Lucas Jackson | Reuters
Trader on the floor of the New York Stock Exchange.

Thursday brings more information on two major concerns for the U.S. market: the Federal Reserve and China. “The language in these (Fed) minutes will be important for what the Fed’s reasons were for not raising (rates) in September. The market has been very confused about the messages coming from the Fed and the data and …

Markets in October

After a lousy third quarter, is this the month when stocks find a bottom.

Market outlook uncertainty

Dominic Chu takes a look at what may lie ahead for the market and your money.

Four horsemen of the fourth quarter

With the books almost closed on September, attention turns to the fourth quarter and the four things investors need to watch.

Pat LaCroix | Stone | Getty Images

The $1.2 trillion high-yield debt market could face a double whammy as spreads tighten and investors use the corporate earnings season starting in the second week of October as an excuse to take even more profits. “I think there’s a huge story in high yield that’s been brewing for some time. Even in the non-commodities …

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Federal Reserve Chair Janet Yellen listens during a reception for her on Capitol Hill in Washington.

Thank you, Janet Yellen, for finally taking a side and clearly stating that an interest rate hike seems likely sometime this year. And thank you for finally clarifying the sudden emphasis that was placed on developments abroad in the last FOMC statement. Specifically, thank you for this clarification: “The Committee is monitoring developments abroad, but …

Warren Buffett isn’t worried about the markets

Becky Quick tells us why Warren Buffett isn’t worried about this extreme market volatility.


With the jobs report out of the way, it’s time to look ahead. Two developments next week may impact markets: 1) China economic data, and 2) the start of the analyst conference season. Next week there will be a raft of China data that will get a high degree of scrutiny, including Trade (9/8), CPI/PPI …

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U.S. stocks closed more than 1 percent lower Friday ahead of a long weekend as uncertainty about the timing of a rate hike and Chinese economic growth continued to weigh. The major averages ended off session lows but still logged losses of about 3 percent or more for the week. “You’ve got a buyers’ strike …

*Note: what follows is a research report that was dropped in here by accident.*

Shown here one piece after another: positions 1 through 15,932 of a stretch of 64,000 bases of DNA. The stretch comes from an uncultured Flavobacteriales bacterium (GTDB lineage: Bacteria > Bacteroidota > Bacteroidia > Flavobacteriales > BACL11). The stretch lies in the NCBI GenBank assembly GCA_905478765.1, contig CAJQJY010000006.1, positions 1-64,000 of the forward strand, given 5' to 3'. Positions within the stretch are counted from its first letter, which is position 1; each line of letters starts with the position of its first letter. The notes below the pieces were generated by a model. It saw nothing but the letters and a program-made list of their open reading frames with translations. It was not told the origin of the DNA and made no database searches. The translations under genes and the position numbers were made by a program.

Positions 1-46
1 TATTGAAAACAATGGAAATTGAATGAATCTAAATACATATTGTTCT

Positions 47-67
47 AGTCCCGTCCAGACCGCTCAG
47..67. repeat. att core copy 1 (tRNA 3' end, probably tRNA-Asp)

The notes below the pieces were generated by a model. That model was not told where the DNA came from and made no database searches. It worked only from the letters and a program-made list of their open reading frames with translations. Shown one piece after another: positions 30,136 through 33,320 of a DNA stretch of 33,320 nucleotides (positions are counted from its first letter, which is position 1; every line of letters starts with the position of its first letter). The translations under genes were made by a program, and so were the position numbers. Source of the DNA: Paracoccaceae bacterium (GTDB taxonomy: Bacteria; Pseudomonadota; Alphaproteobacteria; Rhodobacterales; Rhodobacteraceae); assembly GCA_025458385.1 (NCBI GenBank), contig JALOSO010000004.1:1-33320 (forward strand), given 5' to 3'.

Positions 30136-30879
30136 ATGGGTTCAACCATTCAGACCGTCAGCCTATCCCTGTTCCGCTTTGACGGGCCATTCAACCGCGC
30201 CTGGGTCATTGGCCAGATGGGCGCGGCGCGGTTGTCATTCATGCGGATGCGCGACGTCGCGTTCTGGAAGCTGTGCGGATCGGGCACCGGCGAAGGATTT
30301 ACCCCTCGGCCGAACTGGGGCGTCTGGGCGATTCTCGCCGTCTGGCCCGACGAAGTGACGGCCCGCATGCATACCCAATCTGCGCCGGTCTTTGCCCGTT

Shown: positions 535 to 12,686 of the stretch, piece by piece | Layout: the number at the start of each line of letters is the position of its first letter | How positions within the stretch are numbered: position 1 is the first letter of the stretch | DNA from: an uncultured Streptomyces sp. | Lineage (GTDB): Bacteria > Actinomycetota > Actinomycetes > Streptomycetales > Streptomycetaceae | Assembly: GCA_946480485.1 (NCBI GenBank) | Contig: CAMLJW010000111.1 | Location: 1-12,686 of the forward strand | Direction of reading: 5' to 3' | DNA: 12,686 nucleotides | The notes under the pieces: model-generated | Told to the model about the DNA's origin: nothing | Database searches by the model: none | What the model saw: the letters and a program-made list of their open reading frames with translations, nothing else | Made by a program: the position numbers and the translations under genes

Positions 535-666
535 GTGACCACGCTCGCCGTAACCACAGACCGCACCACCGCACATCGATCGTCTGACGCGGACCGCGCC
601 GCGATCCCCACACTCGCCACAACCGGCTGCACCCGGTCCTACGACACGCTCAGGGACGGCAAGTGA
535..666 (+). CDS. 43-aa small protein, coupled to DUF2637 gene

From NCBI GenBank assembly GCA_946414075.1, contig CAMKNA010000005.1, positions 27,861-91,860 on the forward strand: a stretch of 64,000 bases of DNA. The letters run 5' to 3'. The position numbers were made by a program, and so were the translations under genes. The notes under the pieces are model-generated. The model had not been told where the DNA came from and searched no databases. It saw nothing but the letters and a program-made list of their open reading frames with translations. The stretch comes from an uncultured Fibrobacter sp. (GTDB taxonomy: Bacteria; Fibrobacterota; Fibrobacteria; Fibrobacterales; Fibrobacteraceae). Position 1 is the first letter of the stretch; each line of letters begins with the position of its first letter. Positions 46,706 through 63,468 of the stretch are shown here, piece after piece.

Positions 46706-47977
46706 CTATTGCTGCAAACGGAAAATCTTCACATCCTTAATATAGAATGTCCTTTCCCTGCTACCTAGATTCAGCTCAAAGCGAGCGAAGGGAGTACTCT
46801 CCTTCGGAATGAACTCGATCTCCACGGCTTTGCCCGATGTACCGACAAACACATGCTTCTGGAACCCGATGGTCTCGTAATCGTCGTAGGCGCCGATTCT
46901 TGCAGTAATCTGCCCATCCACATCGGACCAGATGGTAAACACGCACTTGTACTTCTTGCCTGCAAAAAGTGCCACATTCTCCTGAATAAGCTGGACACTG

U.S. stocks plummeted Tuesday as continued signs of weakness in China and concerns about the Federal Reserve weighed heavily on investor sentiment. The major averages ended in correction territory, down nearly 3 percent after a failed attempt in the minutes prior to cut some losses. The Dow Jones industrial average closed about 470 points lower, …

September market outlook

Does the worst August in three years on Wall Street shed any light on what September might hold for investors?


Traders emerging from one of the most turbulent weeks for stocks in history will likely need to brace for more volatility as the Street gears up for next week’s jobs report. While stocks Friday traded within a relatively tight range and ended just around the flatline, the VIX held little changed near 26. “You can …

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Investors observe the stock market at an exchange hall in Hangzhou, Zhejiang Province of China.

Most non-Chinese don’t trade stocks in China, but the continuing crash in the Shanghai market still threatens to change their lives. The challenge is that China is the world’s largest exporter ($2.2 trillion worth in 2013) and second-largest importer ($2 trillion), so its struggles are potentially the world’s problems. Compounding the importance of China’s sheer …

Brendan McDermid | Reuters
Trader on the floor of the New York Stock Exchange.

Plunging oil prices and China’s market meltdown have been cited as two big culprits behind market volatility this summer, but history shows less correlation between these markets and U.S. stocks than many investors might expect. In the case of Shanghai stocks, the S&P 500 has been very loosely correlated, but in the last several sessions …

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Traders work on the floor of the New York Stock Exchange.

While many investors are pegging the global markets’ recent plunge to wild swings in Chinese equities and the drop in oil prices, strategist Jim Paulsen said Thursday there’s a more fundamental reason. “I think the drop had more to do with the vulnerabilities of the market,” Paulsen said in a CNBC “Squawk Box” interview. “We …